No Opium

Pain is an inescapable element of human experience. From birth, when the blood of a father is curdled from the mother’s cries of pain, all hold their breath in hope that the newborn infant will pull air into his lungs and cry. Pain and our tearful response to it is expected and at times even enforced with a timely slap to impolite regions at the beginning of our time on earth. However, we spend a lifetime attempting to flee or deny it.
 
In brazen defiance of our feeble attempts, pain is recalcitrant: holding its breath when we pop it in a glass of alcohol, waiting for us to drain it. It sits patiently, donning a fireproof costume when we try to incinerate it in the fiery consummation of red hot lust. We can’t poison pain either, with our cornucopia of narcotics, prescription drugs and party pills. Pain is impervious to our singing, armed with earplugs it cannot be expelled by the cacophony of musical escapism be it the nightclub’s pulsating rhythms or the chapel’s hymns meant to appease a God we mistakenly perceive as the source of pain. All our vain attempts to kill pain only serve to nurse and give birth to misery

“Religion is the opium of the masses,” quipped Marx and insofar as religion paralyses the faithful by diverting their attention with utopian fantasies and miracle riches while plundering their pockets, he spoke the truth. Peter’s letter (1 Peter) to the exiles living precariously in the midst of growing hostility, however, offers not opium but living hope.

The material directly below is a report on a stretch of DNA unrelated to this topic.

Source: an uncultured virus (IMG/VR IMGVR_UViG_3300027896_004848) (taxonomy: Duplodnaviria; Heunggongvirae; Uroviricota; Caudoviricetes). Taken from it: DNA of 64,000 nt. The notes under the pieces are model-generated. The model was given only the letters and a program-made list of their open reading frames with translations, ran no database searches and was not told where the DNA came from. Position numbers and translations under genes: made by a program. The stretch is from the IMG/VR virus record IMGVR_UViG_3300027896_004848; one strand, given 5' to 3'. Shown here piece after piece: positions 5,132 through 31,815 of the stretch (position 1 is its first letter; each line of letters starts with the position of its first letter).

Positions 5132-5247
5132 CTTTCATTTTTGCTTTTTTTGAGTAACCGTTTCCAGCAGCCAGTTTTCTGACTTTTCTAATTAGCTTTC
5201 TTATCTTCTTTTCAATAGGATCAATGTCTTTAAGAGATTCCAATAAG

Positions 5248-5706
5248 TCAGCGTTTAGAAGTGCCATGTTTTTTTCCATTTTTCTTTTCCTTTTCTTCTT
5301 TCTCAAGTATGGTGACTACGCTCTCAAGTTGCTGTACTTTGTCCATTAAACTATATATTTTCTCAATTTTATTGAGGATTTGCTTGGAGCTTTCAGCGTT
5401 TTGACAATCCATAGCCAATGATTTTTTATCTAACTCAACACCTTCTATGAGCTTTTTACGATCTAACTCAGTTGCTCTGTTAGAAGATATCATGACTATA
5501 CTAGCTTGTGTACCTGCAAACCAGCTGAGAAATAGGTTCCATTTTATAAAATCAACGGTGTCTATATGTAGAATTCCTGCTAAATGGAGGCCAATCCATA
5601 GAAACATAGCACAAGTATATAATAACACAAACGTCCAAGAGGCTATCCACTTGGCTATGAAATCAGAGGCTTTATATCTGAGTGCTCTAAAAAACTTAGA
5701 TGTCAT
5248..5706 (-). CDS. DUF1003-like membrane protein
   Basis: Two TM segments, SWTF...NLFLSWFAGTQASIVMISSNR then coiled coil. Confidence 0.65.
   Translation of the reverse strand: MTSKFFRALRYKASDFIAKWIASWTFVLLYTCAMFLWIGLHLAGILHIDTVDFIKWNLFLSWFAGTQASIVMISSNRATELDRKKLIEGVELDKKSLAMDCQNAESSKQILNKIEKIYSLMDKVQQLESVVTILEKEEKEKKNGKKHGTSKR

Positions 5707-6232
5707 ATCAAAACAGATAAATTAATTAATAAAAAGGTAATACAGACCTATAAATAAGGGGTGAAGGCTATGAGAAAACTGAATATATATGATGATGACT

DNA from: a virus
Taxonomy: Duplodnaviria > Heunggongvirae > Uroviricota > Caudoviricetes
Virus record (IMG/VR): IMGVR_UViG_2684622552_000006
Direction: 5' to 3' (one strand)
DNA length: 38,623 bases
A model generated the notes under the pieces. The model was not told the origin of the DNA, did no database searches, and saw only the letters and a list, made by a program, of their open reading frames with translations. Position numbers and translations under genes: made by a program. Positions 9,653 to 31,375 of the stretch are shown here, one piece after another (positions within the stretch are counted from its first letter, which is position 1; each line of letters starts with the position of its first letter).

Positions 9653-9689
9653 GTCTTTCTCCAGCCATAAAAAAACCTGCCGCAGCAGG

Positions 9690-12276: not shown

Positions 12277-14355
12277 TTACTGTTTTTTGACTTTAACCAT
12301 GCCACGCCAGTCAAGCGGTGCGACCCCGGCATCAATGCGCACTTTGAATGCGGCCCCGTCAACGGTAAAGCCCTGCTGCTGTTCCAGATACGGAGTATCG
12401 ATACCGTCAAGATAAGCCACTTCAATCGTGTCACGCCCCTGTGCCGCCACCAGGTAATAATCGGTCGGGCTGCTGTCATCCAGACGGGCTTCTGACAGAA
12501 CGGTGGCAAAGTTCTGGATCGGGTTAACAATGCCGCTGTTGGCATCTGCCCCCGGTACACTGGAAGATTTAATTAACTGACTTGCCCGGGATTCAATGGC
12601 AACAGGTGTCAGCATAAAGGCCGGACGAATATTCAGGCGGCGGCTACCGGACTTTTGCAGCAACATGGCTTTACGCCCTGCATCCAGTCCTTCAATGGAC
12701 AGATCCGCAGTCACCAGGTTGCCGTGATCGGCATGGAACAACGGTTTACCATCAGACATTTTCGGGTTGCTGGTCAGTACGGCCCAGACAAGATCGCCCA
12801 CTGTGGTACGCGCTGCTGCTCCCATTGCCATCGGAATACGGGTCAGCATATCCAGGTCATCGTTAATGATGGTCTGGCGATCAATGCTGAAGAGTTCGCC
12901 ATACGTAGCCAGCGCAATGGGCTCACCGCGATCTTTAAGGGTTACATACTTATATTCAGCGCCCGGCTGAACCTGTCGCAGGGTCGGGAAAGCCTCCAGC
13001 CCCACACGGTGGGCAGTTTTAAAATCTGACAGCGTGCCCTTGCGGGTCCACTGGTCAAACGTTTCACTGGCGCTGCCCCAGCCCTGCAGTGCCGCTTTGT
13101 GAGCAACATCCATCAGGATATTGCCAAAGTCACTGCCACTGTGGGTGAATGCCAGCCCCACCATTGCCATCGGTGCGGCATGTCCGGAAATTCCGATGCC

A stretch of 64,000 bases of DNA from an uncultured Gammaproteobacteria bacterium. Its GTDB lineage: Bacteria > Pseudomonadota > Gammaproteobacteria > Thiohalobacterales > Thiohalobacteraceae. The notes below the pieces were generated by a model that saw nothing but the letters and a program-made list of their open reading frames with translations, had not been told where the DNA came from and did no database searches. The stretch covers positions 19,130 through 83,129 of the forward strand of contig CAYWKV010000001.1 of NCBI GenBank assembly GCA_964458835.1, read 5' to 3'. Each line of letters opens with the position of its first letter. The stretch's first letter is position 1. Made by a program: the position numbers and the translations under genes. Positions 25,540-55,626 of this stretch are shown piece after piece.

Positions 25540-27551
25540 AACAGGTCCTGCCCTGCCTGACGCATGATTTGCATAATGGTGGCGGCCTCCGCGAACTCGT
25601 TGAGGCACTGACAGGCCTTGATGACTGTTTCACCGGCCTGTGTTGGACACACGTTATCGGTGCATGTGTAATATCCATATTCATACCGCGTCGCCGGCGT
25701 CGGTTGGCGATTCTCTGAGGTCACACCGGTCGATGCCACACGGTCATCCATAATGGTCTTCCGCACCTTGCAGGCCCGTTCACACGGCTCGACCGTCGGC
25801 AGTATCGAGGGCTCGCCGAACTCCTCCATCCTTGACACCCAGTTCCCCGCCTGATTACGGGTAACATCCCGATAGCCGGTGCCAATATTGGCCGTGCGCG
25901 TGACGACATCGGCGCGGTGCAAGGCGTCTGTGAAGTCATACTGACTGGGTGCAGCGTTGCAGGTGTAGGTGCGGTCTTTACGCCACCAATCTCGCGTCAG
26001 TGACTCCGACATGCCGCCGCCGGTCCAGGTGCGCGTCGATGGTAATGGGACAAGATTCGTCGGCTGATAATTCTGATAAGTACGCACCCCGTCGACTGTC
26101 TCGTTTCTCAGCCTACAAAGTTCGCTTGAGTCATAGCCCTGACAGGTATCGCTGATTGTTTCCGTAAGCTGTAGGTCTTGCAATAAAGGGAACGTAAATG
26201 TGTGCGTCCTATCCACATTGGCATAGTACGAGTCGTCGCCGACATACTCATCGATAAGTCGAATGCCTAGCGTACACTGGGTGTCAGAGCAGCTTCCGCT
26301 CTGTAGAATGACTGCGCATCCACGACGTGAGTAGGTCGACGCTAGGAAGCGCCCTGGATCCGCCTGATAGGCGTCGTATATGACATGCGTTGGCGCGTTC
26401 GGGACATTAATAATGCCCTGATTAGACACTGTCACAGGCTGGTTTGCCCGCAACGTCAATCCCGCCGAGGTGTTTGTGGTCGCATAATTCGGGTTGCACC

Yes, the hope of future inheritance emboldens the ostracised believers but it is not a vain fantastical hope. It is a hope cradled in the lap of trust in Jesus who defied the tomb, in accordance with the prophecies of old, and lives in the believer’s life. Hope of eternity, as Peter puts it, is not a fantastical escapism meant to blind believers to harsh reality but the outflow of living experience with the risen Christ. A risen Christ they do not see but have come to love, through the agency of the Holy Spirit.
 
Now the pain of living in a society that is hostile has come to purify their trust and love in Jesus, not because pain is inherently purifying but the choice to trust in the midst of pain unlocks a deeper experience with Jesus and gives impetus to the hope of the future.
 
Indolence is not the part of the believer though. As much as it God’s part to eradicate pain in the future, it is for the believer to accept the strength offered and strive to live a life worthy of the calling. Nature abhors vacuums and so having forsaken self-defeating attempts at killing pain (but breeding misery), it is incumbent that we live as children of the Word and the Spirit. We need not turn to our “opiums” in fear but walk confidently in the knowledge that the power that inspired the prophets with prophecies that even angels could not fully understand and voided Christ’s tomb, empowers us today, to walk to our glorious future and no pain, no matter how persistent can stop it.

Don’t get high, be joyful, sing a happy hymn and live with hope!

 
 
 
photo credit: Thierry Leclerc 60 PrĂ©paration de l’opium. Phongsaly. Laos via photopin (license)

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